Matthew Peca has the unenviable distinction of being the only new free agent beside Plekanec that Bergevin signed to a one-way deal. It’s yet another head-scratcher, seeing as Peca had never signed one before, has only 20 total games of NHL experience up to now and likely tops out as a depth forward.
The criticism is not of Peca, who should be able to bring a consistent effort level, night-in, night-out based on his track record. He also has some offensive pop for a player of his ilk.
Instead, the criticism is of the decision to go out and sign another bottom-six player. The team’s ranks are filled to the brim with many others already, players the Habs risk losing to waivers if Peca gets the roster spot Bergevin seems to envision him earning.
#Habs Bergevin says he expects UFA acquisition Matthew Peca to play in Montreal this coming season.
— John Lu (@JohnLuTSNMtl) July 1, 2018
If a largely uproven Peca is your second-best free-agent acquisition (behind an over-the-hill Plekanec), your team is either tweaking a championship-caliber roster or you’re not looking to compete at all. And the Habs, who finished 28th last year, don’t have a championship-caliber roster. This move doesn’t bring them any closer.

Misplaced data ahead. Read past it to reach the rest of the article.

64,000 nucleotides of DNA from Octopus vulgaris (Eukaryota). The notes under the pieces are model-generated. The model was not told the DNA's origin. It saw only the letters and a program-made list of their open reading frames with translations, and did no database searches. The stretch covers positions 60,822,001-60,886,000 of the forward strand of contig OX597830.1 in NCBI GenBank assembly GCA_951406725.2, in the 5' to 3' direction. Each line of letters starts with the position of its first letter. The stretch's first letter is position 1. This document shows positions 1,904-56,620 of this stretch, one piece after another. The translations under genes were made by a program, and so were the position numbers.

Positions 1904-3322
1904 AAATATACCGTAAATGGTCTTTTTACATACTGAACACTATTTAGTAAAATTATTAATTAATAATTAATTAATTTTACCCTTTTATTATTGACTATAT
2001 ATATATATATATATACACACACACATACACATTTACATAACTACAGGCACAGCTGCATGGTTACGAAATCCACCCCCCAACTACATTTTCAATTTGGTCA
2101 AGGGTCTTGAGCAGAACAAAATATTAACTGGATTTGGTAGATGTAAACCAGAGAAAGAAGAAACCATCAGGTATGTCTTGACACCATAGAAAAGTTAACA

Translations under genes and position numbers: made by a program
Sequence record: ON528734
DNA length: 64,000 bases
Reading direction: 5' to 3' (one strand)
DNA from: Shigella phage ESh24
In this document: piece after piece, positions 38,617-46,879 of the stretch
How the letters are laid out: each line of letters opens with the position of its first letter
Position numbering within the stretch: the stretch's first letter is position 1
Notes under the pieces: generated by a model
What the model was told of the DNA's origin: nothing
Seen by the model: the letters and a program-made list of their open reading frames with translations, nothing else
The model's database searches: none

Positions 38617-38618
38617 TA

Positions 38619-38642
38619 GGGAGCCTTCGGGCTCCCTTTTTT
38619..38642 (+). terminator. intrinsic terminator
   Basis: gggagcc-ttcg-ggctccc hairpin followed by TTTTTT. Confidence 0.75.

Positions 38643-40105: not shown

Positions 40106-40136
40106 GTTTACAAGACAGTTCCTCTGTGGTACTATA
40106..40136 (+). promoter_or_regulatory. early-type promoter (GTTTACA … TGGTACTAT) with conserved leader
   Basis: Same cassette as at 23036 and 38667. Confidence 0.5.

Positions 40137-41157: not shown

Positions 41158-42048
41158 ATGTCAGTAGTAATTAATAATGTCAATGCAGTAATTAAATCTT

Xavier Ouellet Signing:
The Habs could conceivably lose Xavier Ouellet to waivers if he doesn’t make the team out of training camp. After all, he’s a waiver-eligible 25-year-old, former second-round pick with 140 NHL games under his belt.
Players like him can be attractive to teams looking to add depth, especially the Habs who generally lack NHL-caliber left-handed defenseman. The fact that he’s a local product, who grew up in Terrebonne, is gravy.
So, nothing ventured, nothing gained with regard to the acquisition. If nothing comes from it, at least the Habs made an attempt to improve the team by signing an unrestricted free agent, who can still develop into a serviceable NHL defenseman, to an affordable contract.
Jacob De La Rose Signing:
It wouldn’t be fair to call Jacob De La Rose’s latest contract a make-or-break deal, as far as his career is concerned. After all, it’s for two years, and the Habs will still keep his rights at the end of it.